Thursday, October 13, 2011

Review: Rene Hell - The Canon (Agents of Chaos, 2011)

Rene Hell’s The Canon EP might be Jeff Witscher’s most spastic and “busy” work to date; on this cassette he ditches the ambient aspect of his music almost entirely, instead focusing on cyclical repetition and dense clusters of sound, bordering on glitch at times.
The opener, “Variation Third” seems to be the closest to his usual oeuvre as Rene Hell, with a simple synthesizer sequence relentlessly repeating its way through all sorts of small bleeps and bloops with massive, bassy drones that can almost be disguised as melody rising and falling every now and then. At the end, the piece’s structure is almost toppled by a cluster of rapidly played (or programmed to be rapidly played) synth piano notes, which continues into the second track, “Melody for Arkham”. What is characteristic of this tape (and maybe of Witscher’s latest work in general) is the intentional “fakeness” of sound – one can tell it’s a synthesized piano from a mile off and Rene Hell isn’t trying to hide this fact. Quite the contrary – he’s taking refuge from the rest of the scene with his super-polished and super “fake” sound. “Melody for Arkham” is fast and raving mad, with superfast clusters of piano notes creating a ripped, irregular melody which brings to mind La Monte Young’s A Well Tuned Piano on amphetamines. “Med School Prince” follows the same path, this time blending the jagged piano madness with massive, gradiental drones, reaching almost disorienting heights. The closing “Nazi Love Motel II” can be best considered as “whimsical” – simple, repeating piano motive (oh, that fakeness of sound!) is joined by high-pitched whining and playful glitches resembling the sound you make when trying to imitate a horse (not the neighing, the other sound).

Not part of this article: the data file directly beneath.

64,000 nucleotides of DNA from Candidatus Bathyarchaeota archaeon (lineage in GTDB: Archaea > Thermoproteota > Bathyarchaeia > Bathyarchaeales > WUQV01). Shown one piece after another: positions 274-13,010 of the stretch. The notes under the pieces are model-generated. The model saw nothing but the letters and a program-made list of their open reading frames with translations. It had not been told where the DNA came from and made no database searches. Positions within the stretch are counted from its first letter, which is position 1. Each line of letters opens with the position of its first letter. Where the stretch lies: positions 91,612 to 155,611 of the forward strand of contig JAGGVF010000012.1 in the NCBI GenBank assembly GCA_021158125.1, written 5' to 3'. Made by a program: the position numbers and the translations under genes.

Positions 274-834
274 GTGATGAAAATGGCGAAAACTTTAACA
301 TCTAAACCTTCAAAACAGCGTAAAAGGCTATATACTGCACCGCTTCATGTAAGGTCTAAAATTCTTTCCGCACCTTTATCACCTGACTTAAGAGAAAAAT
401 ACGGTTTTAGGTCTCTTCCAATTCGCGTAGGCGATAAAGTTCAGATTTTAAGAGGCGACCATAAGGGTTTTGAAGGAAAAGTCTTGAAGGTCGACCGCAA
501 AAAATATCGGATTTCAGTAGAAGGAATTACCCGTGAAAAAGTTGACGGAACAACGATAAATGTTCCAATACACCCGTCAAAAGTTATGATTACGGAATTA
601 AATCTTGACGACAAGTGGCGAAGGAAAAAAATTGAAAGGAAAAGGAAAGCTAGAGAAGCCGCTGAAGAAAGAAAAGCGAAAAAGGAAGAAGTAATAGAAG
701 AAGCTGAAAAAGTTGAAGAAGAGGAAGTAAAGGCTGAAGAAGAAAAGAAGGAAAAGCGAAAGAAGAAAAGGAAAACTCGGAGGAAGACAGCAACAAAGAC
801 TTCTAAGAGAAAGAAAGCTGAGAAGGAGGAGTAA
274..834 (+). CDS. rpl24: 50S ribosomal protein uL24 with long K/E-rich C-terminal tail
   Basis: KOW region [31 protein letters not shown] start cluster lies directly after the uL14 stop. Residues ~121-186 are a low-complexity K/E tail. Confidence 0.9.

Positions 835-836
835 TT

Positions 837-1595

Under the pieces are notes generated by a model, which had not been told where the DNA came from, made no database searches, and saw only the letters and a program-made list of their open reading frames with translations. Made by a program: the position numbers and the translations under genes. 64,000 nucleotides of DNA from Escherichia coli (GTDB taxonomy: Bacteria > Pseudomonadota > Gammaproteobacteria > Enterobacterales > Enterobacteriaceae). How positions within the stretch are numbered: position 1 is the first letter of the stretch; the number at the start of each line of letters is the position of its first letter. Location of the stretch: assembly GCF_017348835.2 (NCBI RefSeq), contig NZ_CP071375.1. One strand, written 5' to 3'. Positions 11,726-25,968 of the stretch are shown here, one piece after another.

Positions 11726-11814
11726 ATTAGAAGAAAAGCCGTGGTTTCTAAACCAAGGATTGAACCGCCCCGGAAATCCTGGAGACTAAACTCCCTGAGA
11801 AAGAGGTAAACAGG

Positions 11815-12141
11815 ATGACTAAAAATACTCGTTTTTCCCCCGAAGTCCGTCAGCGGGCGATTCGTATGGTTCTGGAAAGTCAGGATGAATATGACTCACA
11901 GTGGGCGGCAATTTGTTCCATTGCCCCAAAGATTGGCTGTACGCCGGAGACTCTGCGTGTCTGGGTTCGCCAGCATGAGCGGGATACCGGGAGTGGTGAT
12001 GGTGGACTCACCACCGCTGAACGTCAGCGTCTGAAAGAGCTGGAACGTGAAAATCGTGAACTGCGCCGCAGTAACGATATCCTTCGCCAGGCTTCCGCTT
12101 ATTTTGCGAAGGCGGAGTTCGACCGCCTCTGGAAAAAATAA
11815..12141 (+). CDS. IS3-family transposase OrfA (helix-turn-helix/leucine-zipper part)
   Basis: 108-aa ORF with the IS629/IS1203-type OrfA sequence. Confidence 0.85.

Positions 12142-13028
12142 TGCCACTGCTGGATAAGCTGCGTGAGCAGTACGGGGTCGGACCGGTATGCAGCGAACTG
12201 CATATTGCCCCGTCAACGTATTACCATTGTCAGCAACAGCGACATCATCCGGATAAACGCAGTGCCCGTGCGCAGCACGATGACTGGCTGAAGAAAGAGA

The Canon is a nice little addition to Rene Hell’s discography. The music on the tape is not life changing, or extremely atmospheric. Instead, Jeff’s trying to craft his own kind of hyper-real, maniacal minimalism played through the prism of skewed IDM and glitch, falling somewhere between La Monte Young, James Ferraro and Autechre. Rene Hell’s idiosyncratic sound is further represented in his art, merging fashion world and celebrity imagery with abstract shapes, random dots and commas and cryptic track titles.
Link via The Radiant Now


thenamesthastpell said...

interesting stuff, thoughtful thoughts

tentas said...

very nice